UK scraps controversial bereavement decision after Syrian refugee's plea

UK backtracks on controversial bereavement plan after plea from Syrian refugee serving on NHS frontlines
2 min read
21 May, 2020
Families of hospital porters, cleaners and social care staff will now be able to remain in the UK indefinitely if their relative working in the NHS dies from Covid-19.
Hassan Akkad made an emotional plea to the UK government on social media [Getty]

The UK government has scrapped a decision that would have excluded the families of hospital porters, cleaners and social care staff from a bereavement scheme, following an emotional plea from a Syrian refugee working in a London hospital.

These health workers, many of whom are of immigrant backgrounds, have now been assured that their families will have indefinite leave to stay in the UK, if they die from the novel coronavirus.

More than 175 National Health Service [NHS] frontliners have died after being infected with the novel coronavirus.

Faced with this grim prospect, NHS worker Hassan Akkad made an emotional plea to UK Prime Minister Boris Johnson in a video posted to social media.

"I've been really enjoying the clapping that you and your fellow ministers in the government do every week," Akkad said on the video, referring to the weekly show of respect for NHS workers.

"Today, however, I felt betrayed, stabbed in the back.

"I felt shocked to find out that you've decided, your government decided, to exclude myself and my colleagues who work as cleaners and porters and social care workers, who are all on minimum wage.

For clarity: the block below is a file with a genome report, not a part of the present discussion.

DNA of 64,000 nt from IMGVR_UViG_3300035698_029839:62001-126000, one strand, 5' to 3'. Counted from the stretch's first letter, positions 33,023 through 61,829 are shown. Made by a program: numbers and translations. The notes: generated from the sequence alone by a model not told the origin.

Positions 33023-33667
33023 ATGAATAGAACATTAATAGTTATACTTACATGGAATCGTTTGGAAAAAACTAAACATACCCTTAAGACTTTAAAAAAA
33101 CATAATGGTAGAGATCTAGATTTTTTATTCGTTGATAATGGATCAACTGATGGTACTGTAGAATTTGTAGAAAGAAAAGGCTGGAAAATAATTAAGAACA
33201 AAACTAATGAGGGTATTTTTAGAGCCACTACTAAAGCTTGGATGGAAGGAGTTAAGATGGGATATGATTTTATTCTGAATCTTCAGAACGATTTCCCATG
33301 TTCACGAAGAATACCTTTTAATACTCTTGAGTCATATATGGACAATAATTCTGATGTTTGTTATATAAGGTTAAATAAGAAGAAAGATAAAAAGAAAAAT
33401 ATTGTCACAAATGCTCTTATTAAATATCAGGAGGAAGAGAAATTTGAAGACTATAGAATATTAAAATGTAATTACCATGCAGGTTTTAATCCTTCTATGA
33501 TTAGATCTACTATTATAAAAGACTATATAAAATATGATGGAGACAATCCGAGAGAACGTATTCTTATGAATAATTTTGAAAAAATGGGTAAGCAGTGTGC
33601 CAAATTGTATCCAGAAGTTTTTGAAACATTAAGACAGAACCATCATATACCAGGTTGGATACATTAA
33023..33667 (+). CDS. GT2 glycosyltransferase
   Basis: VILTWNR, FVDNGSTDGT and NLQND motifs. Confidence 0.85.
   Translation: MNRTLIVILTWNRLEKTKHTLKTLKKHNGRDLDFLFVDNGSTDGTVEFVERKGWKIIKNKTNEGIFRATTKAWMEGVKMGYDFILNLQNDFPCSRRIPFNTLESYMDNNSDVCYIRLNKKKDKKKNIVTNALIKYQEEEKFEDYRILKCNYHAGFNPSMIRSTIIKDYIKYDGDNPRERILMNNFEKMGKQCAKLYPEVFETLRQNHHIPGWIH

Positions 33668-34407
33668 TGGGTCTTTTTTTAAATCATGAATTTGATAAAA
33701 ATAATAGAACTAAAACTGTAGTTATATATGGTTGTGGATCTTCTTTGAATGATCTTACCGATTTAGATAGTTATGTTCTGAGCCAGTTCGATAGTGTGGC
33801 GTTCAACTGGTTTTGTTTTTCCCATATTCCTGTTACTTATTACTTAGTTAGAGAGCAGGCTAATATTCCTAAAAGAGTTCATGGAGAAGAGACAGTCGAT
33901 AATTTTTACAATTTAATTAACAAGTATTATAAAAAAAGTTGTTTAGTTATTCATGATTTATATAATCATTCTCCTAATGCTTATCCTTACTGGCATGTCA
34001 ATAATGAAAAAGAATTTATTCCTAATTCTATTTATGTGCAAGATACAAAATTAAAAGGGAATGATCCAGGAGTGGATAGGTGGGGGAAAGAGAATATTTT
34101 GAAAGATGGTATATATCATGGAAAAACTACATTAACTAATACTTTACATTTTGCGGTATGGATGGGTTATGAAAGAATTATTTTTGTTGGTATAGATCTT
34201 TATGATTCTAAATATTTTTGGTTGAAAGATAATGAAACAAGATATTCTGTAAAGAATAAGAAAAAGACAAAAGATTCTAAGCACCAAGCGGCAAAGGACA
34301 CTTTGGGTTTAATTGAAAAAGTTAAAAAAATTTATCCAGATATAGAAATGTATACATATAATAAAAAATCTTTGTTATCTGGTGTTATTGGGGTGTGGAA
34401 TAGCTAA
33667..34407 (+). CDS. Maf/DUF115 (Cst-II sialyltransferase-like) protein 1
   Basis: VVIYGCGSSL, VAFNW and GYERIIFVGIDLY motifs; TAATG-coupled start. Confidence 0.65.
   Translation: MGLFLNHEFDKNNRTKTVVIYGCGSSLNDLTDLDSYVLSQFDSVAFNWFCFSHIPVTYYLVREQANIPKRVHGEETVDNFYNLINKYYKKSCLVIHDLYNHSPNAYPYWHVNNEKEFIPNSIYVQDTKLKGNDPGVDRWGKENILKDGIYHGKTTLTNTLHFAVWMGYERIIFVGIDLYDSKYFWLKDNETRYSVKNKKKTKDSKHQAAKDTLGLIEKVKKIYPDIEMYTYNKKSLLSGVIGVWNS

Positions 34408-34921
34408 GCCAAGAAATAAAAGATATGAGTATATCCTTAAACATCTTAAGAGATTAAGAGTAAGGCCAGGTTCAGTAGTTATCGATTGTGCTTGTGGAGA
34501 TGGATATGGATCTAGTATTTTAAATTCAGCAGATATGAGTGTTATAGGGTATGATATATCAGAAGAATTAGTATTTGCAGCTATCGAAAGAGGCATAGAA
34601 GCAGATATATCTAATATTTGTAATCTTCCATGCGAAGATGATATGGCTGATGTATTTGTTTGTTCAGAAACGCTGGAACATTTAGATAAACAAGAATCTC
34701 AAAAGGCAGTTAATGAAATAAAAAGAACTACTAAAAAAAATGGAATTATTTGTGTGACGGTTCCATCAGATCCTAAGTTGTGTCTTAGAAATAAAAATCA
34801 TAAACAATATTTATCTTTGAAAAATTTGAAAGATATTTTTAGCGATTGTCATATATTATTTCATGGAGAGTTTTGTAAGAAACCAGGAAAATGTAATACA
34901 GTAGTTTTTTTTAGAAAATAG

"So if I die fighting coronavirus my partner isn't allowed an indefinite leave to remain. This is your way of saying thank you to us?"

Shortly after posting the video, which has received over 4 million views, the UK government announced it was backtracking on the controversial decision.

"Every death in this crisis is a tragedy and sadly some NHS support staff and social care workers have made the ultimate sacrifice in the pursuit of saving the lives of others," Home Secretary Priti Patel said in a statement.

"When I announced the introduction of the bereavement scheme in April, I said we would continue to work across government to look at ways to offer further support.

"Today we are extending the scheme to NHS support staff and social care workers," Patel added.

Akkad, a former English teacher, arrived in London in 2015 after fleeing his homeland of Syria, where he was jailed by Bashar al-Assad's regime.

Wanting to do his part for the UK's battle against coronavirus, Akkad recently joined the NHS to work disinfecting coronavirus wards at Whipps Cross Hospital in East London.

Akkad is also an award-winning filmaker whose contribution to the film 'Exodus: Our Journey to Europe' was recognised with a British Academy of Film and Television Arts (BAFTA) Award.

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